The University of Wisconsin–Madison is joining institutions across the country in celebrating International Education Week. The week is a time to highlight and enjoy the benefits of international education and engagement.
In addition to being a world‐class public research university, UW-Madison has long been a leader in international higher education. For decades we have contributed to globally important research and trained world experts in important areas such as land tenure, infectious disease, poverty, economic development, international politics and history, world religions and cultures, and languages. Being an active participant in the global community by sharing knowledge and building partnerships drives the Wisconsin Idea and affords new opportunities for students, faculty and staff.
We recognize that to prepare our students to thrive in an increasingly global society, they need the skills and knowledge to navigate international and cultural boundaries. Developing these skills and a global perspective does not happen overnight — rather, it is a lifetime effort. Appreciating perspectives other than our own helps us understand one another better and interact more effectively with people from throughout the world. All disciplines have international and cross-disciplinary implications that include opportunities for reciprocal learning and exchanges between campus and international communities.
Our efforts to internationalize the UW–Madison experience have yielded success, as indicated by several metrics:
- We have been recognized in the 2016 Open Doors Report as a top 25 university for campuses with the most students studying abroad and for the most international students on campus. The report is published by the Institute of International Education in partnership with the U.S. Department of State’s Bureau of Educational and Cultural Affairs.
- The eight area studies centers that make up our Institute for Regional and International Studies (IRIS) are among the best in the country. Six are federally funded National Resource Centers. Faculty associated with the studies centers regularly share their expertise globally.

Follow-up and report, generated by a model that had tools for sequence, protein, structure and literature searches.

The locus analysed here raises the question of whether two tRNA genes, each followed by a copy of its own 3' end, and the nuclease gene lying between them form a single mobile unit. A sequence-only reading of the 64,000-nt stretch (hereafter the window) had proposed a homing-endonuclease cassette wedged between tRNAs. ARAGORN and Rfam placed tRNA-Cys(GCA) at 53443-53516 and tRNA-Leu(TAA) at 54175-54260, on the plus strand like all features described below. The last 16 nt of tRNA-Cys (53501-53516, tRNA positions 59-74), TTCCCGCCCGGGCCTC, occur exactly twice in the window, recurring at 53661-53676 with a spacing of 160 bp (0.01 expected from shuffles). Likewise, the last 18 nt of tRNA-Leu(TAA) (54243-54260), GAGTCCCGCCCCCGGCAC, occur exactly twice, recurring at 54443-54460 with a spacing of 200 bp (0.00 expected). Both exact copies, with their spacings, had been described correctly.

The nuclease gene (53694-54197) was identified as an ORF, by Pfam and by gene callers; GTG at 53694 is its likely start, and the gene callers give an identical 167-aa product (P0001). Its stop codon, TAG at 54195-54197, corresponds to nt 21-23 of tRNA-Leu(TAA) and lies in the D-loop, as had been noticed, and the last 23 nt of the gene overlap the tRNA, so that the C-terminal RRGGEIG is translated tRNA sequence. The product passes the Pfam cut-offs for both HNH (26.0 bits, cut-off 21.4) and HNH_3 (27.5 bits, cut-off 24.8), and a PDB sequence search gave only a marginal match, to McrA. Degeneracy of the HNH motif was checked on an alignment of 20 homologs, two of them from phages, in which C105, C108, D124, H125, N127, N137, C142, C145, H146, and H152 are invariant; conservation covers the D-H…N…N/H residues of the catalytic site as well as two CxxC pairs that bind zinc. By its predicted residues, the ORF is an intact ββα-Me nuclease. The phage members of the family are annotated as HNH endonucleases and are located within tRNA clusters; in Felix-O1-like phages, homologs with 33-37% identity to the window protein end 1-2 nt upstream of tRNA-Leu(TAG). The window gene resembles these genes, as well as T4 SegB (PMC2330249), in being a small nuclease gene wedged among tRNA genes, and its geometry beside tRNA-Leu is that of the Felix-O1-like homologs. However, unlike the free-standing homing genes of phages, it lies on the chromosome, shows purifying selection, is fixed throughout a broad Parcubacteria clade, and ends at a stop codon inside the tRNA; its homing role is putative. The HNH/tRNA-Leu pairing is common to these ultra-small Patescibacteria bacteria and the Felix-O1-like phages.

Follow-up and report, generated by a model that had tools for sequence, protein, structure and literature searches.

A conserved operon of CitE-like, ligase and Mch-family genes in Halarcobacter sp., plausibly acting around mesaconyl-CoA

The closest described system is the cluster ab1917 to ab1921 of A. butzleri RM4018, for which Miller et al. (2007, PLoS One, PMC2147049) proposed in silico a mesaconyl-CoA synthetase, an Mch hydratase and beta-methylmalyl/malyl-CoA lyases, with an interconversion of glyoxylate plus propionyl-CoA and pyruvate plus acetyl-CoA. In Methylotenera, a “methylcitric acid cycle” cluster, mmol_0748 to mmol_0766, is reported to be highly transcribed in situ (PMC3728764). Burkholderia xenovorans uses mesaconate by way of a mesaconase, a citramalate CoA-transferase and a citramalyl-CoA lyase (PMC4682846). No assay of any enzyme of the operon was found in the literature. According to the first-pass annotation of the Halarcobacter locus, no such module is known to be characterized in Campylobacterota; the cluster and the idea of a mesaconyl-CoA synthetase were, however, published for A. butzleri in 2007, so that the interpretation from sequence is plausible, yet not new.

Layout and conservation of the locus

- Many of UW–Madison’s faculty members are from countries outside the United States, resulting in diverse perspectives and expertise that benefit students. Based on our October 2015 headcount, about 16 percent of our 2,150 tenured and tenure-track faculty are foreign-born. This includes those with permanent residency status and those with a temporary visa.
- Domestic students find opportunities to pursue their academic passions beyond campus as 25 percent of our graduates have had a study abroad experience.
- We have produced 3,184 Peace Corps volunteers — the second highest number of any institution in the United States.
- UW–Madison is a destination for students worldwide. Some 6,000 international students from 109 countries are currently studying at our university. The presence of international students also impacts the surrounding community through an infusion of $154 million, which supports 2,440 jobs.
- Our robust global network of more than 14,000 alumni outside the United States provides support for students abroad, and continues to engage with the university well after graduation. Our alumni serve as ambassadors, diplomats and national leaders around the globe.
This is a small sampling of the ways in which UW–Madison is seeing success in its efforts to increase international education and cultural experiences. We are a global university thanks to the efforts of students, faculty and staff.
I encourage you to attend events planned this week. I hope you might find opportunities to grow, expand your perspective, and become a part of our global community.